"You may say that I am a dreamer/But I am not the only one" John Lennon: "Imagine"

"So come brothers and sisters/For the struggle carries on" Billy Bragg: "The Internationale"

Elizannie has a reading room at 'Clarice's Book Page' http://www.villiersroad.blogspot.com/

Sunday, 1 February 2015

Learning the times tables

                                    School tables - get the joke?

Elizannie has to stick her oar in on this latest headline in the Gruniad: 
Primary school pupils face new maths and grammar tests under ToriesEducation secretary says under Conservative rule, children would memorise times tables and be able to read a novel by age 11
Since she went to school back in the dark ages when we sat in class chanting times tables every day, and once we could individually chant each one to our school teacher we got a gold star on the 'tables chart' - she feels entitled......

Actually, I used to feel smug about the times tables chart. There it sat, with all those gold stars against my name. That is not to say I didn't worry myself sick [literally] on times tables testing day. I worried myself sick about lots of things at school except home time. But actually chanting the times tables was relatively easy. What no-one realised all those years ago was that I had an extremely mathematical brain [and before someone says how unusual for a girl - don't] and conditions like dyscalculia* exist.

I hope that you have just followed my link and understand about dyscalculia. Because despite having a mathematical brain and being able to recite times tables before the hat drops and perform mental addition quicker than a calculator [which depends on how fast the operator can input the figures, don't forget] - I have an awful lot of trouble telling the time. Not a joke I can assure you. Not a joke at all if I arrive somewhere an hour early or late, which has been known if I have used an analogue watch or clock. But a form of dyscalculia never the less which lots of members of my family possess whether or not their mathematical skills are really good.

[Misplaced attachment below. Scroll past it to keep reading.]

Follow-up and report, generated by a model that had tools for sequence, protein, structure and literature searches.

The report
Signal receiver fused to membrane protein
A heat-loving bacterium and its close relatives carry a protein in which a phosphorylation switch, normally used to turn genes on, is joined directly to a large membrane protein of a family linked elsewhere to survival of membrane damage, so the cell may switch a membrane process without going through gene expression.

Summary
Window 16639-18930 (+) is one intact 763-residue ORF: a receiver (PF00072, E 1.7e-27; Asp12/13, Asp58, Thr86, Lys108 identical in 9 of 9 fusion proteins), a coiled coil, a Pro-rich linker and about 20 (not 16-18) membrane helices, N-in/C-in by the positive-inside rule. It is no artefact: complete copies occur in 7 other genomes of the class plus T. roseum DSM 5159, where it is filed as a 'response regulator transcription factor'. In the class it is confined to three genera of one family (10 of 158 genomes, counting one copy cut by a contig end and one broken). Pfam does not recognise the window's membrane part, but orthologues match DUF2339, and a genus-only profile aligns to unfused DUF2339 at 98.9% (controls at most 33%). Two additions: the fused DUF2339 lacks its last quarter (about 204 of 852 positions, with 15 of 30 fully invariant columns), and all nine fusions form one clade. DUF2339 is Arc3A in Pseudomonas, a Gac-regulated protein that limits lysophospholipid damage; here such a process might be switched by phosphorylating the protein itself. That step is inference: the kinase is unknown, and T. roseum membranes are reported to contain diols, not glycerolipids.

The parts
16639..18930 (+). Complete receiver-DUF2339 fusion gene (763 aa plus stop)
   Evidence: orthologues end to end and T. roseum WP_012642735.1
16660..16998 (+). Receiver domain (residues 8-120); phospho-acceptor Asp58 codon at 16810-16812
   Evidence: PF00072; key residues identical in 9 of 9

What I am trying to say is that some kids can reproduce times tables really easily, some never will. Some will parrot them back without having a feel for the numerics involved. And as in reading tests with dyslexic children - employing times table tests will not show the true intelligence of a child or young person. And although I love a good algebra problem - honestly - posing a geometrical puzzle once it gets outside the mathematical bit of adding up the number of angles in any given shape and moves on to plan and elevation I will fall by the wayside.

So teach children with love and understanding, respect their individuality and ditch this over reliance on charts and league tables. Of course this will probably cost a bit more money at the chalk face but the investment in the long term has got to be worth it.

*http://www.bdadyslexia.org.uk/dyslexic/dyscalculia   For information on both dyslexia and dyscalculia

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